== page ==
What a way to describe the National Policy Institute conference.

“Bigotry” and “racism” and “anti-Semitism” are just slurs to describe people who are naturally reacting to group conflicts of interest.

Jonathan Haidt published an important essay on nationalism a few months ago:

Nationalists see patriotism as a virtue; they think their country and its culture are unique and worth preserving. This is a real moral commitment, not a pose to cover up racist bigotry. Some nationalists do believe that their country is better than all others, and some nationalisms are plainly illiberal and overtly racist. But as many defenders of patriotism have pointed out, you love your spouse because she or he is yours, not because you think your spouse is superior to all others. Nationalists feel a bond with their country, and they believe that this bond imposes moral obligations both ways: Citizens have a duty to love and serve their country, and governments are duty bound to protect their own people. Governments should place their citizens interests above the interests of people in other countries.
There is nothing necessarily racist or base about this arrangement or social contract. Having a shared sense of identity, norms, and history generally promotes trust. Having no such shared sense leads to the condition that the sociologist Émile Durkheim described as “anomie” or normlessness. Societies with high trust, or high social capital, produce many beneficial outcomes for their citizens: lower crime rates, lower transaction costs for businesses, higher levels of prosperity, and a propensity toward generosity, among others. A liberal nationalist can reasonably argue that the debate over immigration policy in Europe is not a case of what is moral versus what is base, but a case of two clashing moral visions, incommensurate (à la Isaiah Berlin). The trick, from this point of view, is figuring out how to balance reasonable concerns about the integrity of one’s own community with the obligation to welcome strangers, particularly strangers in dire need.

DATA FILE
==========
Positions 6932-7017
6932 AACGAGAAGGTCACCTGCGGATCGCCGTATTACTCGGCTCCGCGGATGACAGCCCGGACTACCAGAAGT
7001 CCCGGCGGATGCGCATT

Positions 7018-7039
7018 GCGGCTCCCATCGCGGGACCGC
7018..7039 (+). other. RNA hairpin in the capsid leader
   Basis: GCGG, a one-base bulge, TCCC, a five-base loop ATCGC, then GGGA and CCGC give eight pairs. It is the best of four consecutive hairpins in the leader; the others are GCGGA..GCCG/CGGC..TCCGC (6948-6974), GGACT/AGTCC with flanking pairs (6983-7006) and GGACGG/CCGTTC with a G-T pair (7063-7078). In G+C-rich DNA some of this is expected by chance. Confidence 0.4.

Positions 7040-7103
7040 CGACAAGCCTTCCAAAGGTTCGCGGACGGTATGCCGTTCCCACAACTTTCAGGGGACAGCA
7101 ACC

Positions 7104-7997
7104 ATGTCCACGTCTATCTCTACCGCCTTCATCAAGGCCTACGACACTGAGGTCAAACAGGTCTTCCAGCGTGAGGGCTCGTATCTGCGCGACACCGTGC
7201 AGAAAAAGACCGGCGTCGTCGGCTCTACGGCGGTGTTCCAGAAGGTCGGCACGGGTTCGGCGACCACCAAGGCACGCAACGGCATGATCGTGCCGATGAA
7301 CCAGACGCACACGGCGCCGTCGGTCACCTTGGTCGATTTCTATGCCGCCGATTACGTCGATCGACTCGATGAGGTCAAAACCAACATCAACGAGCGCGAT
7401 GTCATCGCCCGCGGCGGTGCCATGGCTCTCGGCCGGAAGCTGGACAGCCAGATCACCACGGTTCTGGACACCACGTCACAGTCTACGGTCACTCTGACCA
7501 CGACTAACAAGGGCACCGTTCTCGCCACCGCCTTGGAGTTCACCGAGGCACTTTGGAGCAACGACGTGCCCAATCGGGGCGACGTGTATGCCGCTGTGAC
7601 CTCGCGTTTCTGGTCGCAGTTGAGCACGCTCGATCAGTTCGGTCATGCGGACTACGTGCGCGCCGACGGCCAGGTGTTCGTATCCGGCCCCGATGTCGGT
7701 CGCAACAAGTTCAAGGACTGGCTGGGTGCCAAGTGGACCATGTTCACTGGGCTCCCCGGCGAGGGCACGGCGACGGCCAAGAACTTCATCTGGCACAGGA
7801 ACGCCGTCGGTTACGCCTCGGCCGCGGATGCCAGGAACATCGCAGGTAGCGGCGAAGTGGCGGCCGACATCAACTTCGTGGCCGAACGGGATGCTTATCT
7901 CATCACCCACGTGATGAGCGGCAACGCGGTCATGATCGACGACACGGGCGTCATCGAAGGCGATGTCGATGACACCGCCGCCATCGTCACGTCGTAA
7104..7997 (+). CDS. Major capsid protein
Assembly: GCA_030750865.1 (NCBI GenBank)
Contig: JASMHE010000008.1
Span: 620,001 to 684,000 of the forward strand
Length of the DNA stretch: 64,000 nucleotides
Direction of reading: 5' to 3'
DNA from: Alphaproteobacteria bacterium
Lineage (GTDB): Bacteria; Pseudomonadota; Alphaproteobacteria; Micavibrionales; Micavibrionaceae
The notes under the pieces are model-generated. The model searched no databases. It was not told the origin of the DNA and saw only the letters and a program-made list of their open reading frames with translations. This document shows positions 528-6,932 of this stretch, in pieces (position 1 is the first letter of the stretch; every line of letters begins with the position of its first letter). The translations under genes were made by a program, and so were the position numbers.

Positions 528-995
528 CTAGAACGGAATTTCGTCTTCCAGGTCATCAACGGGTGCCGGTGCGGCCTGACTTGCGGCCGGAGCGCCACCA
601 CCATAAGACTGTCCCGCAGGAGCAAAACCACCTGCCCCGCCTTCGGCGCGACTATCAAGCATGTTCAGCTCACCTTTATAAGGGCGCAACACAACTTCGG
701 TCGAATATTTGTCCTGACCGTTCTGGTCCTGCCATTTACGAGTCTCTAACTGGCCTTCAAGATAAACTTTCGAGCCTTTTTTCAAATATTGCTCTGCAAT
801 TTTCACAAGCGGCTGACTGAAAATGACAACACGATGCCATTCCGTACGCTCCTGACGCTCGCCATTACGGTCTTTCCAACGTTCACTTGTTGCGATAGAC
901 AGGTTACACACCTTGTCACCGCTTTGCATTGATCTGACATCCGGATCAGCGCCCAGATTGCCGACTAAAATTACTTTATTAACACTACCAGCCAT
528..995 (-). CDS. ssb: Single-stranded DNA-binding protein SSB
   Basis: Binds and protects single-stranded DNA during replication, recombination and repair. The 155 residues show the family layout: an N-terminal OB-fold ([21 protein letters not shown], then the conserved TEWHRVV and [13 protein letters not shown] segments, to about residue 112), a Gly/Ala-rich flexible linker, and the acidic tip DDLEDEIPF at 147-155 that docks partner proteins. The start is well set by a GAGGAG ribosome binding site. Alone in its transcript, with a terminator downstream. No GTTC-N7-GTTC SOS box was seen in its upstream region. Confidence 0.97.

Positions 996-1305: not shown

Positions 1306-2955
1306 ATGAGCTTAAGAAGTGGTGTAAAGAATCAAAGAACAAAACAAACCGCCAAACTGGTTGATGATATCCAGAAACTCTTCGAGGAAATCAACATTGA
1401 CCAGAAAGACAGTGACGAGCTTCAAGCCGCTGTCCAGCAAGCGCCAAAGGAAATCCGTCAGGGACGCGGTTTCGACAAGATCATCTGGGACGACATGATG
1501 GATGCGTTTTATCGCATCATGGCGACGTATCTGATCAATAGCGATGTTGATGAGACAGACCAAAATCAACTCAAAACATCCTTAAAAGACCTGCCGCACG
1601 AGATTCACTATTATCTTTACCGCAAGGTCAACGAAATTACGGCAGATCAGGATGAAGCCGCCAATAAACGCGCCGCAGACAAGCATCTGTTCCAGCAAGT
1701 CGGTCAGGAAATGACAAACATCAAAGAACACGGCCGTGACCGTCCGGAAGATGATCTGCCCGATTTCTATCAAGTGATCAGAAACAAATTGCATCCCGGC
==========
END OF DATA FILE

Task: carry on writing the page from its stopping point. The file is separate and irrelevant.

Blog post:

A while ago, France banned the burqa under the generic guise of banning “face-covering.” How cowardly and French to not just name the object of your legislation, but instead aim to exorcise a particular demon by creating a vague umbrella term. No ski masks either!

Then last year, Denmark banned Kosher and Halal meat production. To their credit, less cowardly than France, they named their foe–but in the name of a protest against animal cruelty. “Nothing against you, Jews and Muslims; we just think we kill animals more humanely.”

In a surprise reversal, even Angela Merkel recently advocated banning the burqa “wherever legally possible.” Of course, waiting until the two-minute warning sounded wasn’t maybe brilliant, but better late than never?

Then this morning I read that doctors in Denmark want to ban circumcision–oy vey!

A friend emails: “The thing about progressive pluralism. They are really interested in a veneer of diversity. They envision everyone basically progressive. With ethnic dress.”